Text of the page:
The call led investigators to begin digging into whether Englander, a second City Council member referred to in the indictment as “Councilmember A,” and two staffers who worked for Englander and the unnamed council member had received “personal benefits” from the businessman.
The following month, agents and prosecutors approached Englander’s staffer. After two requests for an interview, the staffer agreed, speaking to investigators about the Las Vegas trip, according to the indictment.
Investigators also confronted the businessman, who agreed to be interviewed with his attorney present. A few weeks later, the businessman accepted an offer from prosecutors to formally cooperate in the investigation. Such cooperation deals offer defendants the chance to win a more lenient sentence in exchange for their help gathering evidence against other suspects and testifying against others at trials.
After learning of the federal investigation, Englander told the businessman who had lavished him with cash and meals to lie to investigators, including about the “massage lady” in Las Vegas, according to the indictment.
He also contacted the businessman through an encrypted messaging service, telling him that he wanted to reimburse him for portions of the Las Vegas trip, the indictment states. Federal investigators say that Englander then sent a check to the businessman meant to appear as if he had sought to reimburse the businessman before the FBI contacted him.
In interviews with the FBI, Englander repeatedly made false statements, including about the perks he had gotten from the businessman, the indictment alleges. The same day that he resigned from the council, Englander was asked if he had gotten anything other than a hotel room, dinners and some casino chips that he had paid back, the indictment states.
Englander replied, “Not that I recall,” according to the indictment.
Englander also failed to report the $15,000 he had received from the businessman on annual forms that lawmakers are required to fill out, federal investigators alleged.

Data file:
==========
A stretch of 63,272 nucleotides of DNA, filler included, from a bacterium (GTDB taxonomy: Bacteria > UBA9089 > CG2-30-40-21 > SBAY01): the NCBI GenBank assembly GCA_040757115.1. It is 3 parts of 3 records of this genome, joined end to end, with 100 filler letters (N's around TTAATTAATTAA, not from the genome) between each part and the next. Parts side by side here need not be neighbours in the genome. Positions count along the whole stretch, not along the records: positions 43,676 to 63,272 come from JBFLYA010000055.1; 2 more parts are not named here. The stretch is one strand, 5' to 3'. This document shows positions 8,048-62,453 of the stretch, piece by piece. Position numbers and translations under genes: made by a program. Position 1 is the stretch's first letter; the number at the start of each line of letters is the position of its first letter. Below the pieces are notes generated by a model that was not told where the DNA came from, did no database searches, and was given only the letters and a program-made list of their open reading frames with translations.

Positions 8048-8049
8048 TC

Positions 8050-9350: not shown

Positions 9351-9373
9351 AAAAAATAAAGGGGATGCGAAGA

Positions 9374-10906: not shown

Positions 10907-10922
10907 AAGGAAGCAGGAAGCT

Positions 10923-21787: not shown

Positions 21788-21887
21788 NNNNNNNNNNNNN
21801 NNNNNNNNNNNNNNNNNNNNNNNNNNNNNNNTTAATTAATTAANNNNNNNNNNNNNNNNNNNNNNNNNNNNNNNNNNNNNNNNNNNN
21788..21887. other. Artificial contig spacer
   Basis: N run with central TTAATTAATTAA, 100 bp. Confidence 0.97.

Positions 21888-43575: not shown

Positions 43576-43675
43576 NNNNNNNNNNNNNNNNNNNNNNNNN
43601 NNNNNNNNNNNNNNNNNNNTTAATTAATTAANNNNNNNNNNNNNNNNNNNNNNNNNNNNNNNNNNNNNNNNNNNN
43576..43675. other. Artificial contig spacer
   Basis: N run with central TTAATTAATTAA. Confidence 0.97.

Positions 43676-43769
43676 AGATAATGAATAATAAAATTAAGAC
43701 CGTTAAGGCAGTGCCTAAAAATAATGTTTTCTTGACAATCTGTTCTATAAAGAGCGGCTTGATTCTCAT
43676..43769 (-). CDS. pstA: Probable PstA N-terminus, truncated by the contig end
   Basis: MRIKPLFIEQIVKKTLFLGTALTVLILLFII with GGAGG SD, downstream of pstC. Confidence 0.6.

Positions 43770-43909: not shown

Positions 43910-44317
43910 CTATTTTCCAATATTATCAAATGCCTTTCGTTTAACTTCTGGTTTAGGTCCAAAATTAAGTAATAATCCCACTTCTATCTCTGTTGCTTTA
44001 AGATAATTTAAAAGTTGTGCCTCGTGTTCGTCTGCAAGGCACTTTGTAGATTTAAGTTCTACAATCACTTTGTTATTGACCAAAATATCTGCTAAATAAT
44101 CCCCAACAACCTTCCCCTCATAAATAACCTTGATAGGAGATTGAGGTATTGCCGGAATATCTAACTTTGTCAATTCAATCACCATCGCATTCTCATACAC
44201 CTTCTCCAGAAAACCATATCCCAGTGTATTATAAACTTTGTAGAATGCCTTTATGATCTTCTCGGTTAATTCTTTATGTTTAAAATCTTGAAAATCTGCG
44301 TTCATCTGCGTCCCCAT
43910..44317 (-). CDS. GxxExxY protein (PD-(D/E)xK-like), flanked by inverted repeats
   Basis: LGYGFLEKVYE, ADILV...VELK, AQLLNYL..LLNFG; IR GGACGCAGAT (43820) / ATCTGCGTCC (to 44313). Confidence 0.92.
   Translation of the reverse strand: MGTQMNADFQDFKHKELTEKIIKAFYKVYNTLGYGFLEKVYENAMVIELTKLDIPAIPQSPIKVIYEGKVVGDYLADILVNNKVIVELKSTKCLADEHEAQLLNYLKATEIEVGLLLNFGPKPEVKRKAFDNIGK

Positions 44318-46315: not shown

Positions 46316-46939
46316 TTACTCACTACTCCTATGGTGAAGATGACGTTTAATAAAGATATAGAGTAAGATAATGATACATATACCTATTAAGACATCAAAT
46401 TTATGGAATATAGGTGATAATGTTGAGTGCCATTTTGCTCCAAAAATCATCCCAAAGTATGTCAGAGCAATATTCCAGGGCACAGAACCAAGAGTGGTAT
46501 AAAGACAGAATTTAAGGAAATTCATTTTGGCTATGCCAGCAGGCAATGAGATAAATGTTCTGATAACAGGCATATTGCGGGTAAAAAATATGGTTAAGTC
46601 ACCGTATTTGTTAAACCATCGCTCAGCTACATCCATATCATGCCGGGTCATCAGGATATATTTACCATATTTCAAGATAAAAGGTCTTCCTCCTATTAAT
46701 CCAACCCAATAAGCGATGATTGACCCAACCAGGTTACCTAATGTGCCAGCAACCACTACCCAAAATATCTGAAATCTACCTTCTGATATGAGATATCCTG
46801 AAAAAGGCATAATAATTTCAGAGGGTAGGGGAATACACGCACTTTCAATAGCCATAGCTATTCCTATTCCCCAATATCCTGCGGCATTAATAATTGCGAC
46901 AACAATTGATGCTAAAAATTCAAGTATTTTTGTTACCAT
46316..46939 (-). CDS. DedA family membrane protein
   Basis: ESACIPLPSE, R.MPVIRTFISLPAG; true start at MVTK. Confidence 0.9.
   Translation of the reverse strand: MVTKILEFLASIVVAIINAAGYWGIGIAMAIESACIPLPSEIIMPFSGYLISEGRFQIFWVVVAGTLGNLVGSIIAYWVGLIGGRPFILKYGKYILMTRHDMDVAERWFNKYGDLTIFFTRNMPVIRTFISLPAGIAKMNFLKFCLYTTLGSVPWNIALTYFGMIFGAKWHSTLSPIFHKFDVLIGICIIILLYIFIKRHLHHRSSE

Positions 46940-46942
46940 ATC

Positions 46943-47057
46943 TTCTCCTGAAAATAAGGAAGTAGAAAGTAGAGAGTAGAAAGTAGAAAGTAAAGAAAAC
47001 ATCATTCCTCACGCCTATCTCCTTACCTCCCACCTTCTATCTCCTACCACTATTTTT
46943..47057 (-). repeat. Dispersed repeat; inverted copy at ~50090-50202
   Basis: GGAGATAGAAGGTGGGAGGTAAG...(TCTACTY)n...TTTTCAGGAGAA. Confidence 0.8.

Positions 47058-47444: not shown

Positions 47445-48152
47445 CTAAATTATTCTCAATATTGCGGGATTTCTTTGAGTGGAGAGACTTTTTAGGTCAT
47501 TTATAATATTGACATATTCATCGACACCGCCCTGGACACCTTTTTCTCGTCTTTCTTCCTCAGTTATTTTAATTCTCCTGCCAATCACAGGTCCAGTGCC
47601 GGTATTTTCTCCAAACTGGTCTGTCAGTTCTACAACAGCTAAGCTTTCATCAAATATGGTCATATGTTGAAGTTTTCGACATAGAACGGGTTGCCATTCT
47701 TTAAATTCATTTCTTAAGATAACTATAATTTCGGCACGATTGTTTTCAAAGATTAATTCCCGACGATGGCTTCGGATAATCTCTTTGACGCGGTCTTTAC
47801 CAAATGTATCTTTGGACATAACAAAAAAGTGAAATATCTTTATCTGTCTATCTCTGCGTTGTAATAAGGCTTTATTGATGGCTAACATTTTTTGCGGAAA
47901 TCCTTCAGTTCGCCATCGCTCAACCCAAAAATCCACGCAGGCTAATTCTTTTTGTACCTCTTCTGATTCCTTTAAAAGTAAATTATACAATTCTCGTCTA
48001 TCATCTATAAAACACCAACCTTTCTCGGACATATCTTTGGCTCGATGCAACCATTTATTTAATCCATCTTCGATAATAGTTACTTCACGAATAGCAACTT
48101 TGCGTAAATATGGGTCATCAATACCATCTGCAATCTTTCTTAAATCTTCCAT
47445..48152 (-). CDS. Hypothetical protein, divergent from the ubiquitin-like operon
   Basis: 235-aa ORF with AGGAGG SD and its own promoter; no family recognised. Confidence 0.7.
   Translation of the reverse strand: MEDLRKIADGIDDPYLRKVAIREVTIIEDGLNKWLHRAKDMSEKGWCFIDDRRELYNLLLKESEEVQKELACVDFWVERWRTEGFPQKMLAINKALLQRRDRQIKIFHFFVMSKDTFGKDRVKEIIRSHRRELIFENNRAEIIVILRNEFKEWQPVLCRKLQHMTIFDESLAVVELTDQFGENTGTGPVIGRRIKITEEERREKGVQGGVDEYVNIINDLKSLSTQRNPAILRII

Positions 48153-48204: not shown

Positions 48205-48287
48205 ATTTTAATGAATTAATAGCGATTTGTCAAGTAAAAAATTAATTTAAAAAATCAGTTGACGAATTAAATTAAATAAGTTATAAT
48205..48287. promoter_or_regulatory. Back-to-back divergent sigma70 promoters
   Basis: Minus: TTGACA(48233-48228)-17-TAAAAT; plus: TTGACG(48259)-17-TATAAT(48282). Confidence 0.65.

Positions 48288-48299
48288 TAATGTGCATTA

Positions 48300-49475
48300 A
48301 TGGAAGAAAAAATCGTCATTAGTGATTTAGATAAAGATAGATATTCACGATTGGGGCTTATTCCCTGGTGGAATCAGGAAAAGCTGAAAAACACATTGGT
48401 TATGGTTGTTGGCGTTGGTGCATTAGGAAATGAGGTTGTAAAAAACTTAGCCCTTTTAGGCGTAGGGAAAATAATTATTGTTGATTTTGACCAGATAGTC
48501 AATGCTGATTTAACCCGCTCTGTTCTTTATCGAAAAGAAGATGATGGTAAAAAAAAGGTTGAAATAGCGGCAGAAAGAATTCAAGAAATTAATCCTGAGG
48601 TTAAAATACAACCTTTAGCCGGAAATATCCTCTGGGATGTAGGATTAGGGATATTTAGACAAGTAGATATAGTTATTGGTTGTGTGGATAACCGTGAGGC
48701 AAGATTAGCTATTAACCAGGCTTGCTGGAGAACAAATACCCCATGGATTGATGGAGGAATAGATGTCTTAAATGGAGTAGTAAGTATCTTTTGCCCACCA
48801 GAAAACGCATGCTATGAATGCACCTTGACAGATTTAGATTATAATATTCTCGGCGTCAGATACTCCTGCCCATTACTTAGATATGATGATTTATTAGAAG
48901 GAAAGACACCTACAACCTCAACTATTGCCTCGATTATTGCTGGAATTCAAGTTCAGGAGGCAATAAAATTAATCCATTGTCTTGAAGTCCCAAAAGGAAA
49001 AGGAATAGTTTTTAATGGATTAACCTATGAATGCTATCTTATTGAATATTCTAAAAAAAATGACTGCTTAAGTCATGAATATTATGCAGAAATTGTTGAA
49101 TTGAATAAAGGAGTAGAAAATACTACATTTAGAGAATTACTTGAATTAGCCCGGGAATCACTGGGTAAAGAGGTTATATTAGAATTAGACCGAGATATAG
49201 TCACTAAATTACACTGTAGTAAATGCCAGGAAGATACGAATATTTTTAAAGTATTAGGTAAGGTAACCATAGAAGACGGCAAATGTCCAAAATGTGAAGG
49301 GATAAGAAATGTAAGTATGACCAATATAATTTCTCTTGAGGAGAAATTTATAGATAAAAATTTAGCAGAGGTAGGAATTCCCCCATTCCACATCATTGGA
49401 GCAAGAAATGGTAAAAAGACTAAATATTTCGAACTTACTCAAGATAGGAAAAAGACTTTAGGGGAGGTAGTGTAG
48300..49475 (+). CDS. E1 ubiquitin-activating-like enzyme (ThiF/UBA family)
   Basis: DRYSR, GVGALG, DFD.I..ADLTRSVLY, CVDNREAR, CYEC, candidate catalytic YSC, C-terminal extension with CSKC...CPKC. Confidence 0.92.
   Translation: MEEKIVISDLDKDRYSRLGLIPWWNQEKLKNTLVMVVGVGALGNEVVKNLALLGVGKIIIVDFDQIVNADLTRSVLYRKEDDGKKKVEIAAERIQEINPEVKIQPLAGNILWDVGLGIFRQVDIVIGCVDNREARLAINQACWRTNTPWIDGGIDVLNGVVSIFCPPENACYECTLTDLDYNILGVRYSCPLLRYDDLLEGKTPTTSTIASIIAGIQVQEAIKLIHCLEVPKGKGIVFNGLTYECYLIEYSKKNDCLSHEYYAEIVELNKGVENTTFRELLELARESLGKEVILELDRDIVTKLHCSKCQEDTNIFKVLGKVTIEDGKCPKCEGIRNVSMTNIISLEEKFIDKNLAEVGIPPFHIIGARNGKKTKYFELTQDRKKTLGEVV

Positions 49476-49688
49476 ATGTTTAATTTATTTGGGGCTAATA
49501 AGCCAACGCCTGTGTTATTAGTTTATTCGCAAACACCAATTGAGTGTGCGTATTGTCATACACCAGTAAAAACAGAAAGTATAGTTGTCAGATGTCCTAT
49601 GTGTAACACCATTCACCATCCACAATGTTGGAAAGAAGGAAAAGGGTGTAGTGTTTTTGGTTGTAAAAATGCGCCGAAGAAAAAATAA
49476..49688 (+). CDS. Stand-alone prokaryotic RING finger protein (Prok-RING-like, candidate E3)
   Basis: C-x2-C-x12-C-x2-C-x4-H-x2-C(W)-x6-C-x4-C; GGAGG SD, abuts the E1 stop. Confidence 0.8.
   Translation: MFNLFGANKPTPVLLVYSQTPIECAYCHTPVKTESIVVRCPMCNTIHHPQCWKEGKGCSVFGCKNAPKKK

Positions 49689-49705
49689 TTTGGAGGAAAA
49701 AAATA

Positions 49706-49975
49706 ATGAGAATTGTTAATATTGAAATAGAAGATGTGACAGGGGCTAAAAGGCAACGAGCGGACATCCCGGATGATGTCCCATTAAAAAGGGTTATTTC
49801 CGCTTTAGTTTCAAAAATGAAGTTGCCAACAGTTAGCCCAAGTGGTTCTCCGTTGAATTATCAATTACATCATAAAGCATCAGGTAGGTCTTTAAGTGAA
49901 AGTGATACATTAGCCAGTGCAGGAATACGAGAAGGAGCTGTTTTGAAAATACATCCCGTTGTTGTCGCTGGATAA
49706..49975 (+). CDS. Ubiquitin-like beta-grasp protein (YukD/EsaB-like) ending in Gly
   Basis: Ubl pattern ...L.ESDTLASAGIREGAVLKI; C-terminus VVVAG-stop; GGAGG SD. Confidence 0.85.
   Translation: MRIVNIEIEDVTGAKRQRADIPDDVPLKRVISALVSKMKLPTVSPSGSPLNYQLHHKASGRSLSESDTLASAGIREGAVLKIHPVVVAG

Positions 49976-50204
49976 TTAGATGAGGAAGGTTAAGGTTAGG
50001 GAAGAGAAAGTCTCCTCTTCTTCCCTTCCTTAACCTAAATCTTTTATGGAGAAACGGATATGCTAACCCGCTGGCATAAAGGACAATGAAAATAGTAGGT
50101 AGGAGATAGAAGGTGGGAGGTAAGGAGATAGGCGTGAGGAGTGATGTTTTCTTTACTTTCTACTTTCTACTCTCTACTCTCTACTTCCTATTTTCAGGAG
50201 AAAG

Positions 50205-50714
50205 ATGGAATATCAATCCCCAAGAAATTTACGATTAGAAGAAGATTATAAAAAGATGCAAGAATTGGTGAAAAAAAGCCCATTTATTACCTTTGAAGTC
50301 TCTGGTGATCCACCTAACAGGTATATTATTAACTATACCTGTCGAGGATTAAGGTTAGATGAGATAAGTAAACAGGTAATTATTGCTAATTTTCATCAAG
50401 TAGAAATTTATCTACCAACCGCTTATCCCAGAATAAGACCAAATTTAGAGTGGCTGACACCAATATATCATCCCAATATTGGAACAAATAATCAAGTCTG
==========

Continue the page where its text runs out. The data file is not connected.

If convicted of the seven charges, Englander could face a maximum of 50 years in federal prison.
Englander was first elected to the council in 2011 and reelected in 2015, then announced he was stepping down before the end of his term to take a job with Oak View Group, a sports and entertainment firm. As of February, he identified himself as president of the government relations group E-Venture.
When he first ran for City Council, Englander campaigned as the “official public safety candidate,” touting his support from the Los Angeles Police Protective League, the union that represents rank-and-file officers, as well as other law enforcement groups. In one campaign mailer, he can be seen in his LAPD uniform, which he wore as a reserve officer.
“Mitch Englander is the official public safety candidate, endorsed by the men and women who fight to keep the Valley safe!” the mailer reads.
Englander represented the northwestern stretches of the San Fernando Valley on the council, including neighborhoods like Chatsworth, Porter Ranch and Granada Hills, and sat on three of the most powerful committees at City Hall — one focused on the budget, another on public safety, and a third that vetted real estate development. The councilman also served as an LAPD reserve officer and made an unsuccessful run for the Los Angeles County Board of Supervisors.
Englander announced he was planning to leave the council less than a month before FBI agents descended on the home and offices of Councilman Jose Huizar and toted out boxes of materials in November 2018.
Real estate developers with projects in downtown Los Angeles soon started getting grand jury subpoenas asking them to identify donations they had made to political committees that backed Huizar and his wife, who was launching her own bid for the council.
A federal search warrant filed more than a year ago indicated that agents have been seeking evidence of potential crimes including bribery, kickbacks, extortion and money laundering involving more than a dozen people, including Huizar and aides in his office; Councilman Curren Price, who represents part of South Los Angeles; Deron Williams, who works as a top aide to Councilman Herb Wesson; and former Department of Building and Safety chief Ray Chan, among other city officials and business figures.
Federal officials have not publicly announced charges against those individuals. Englander was not mentioned in that 2018 search warrant.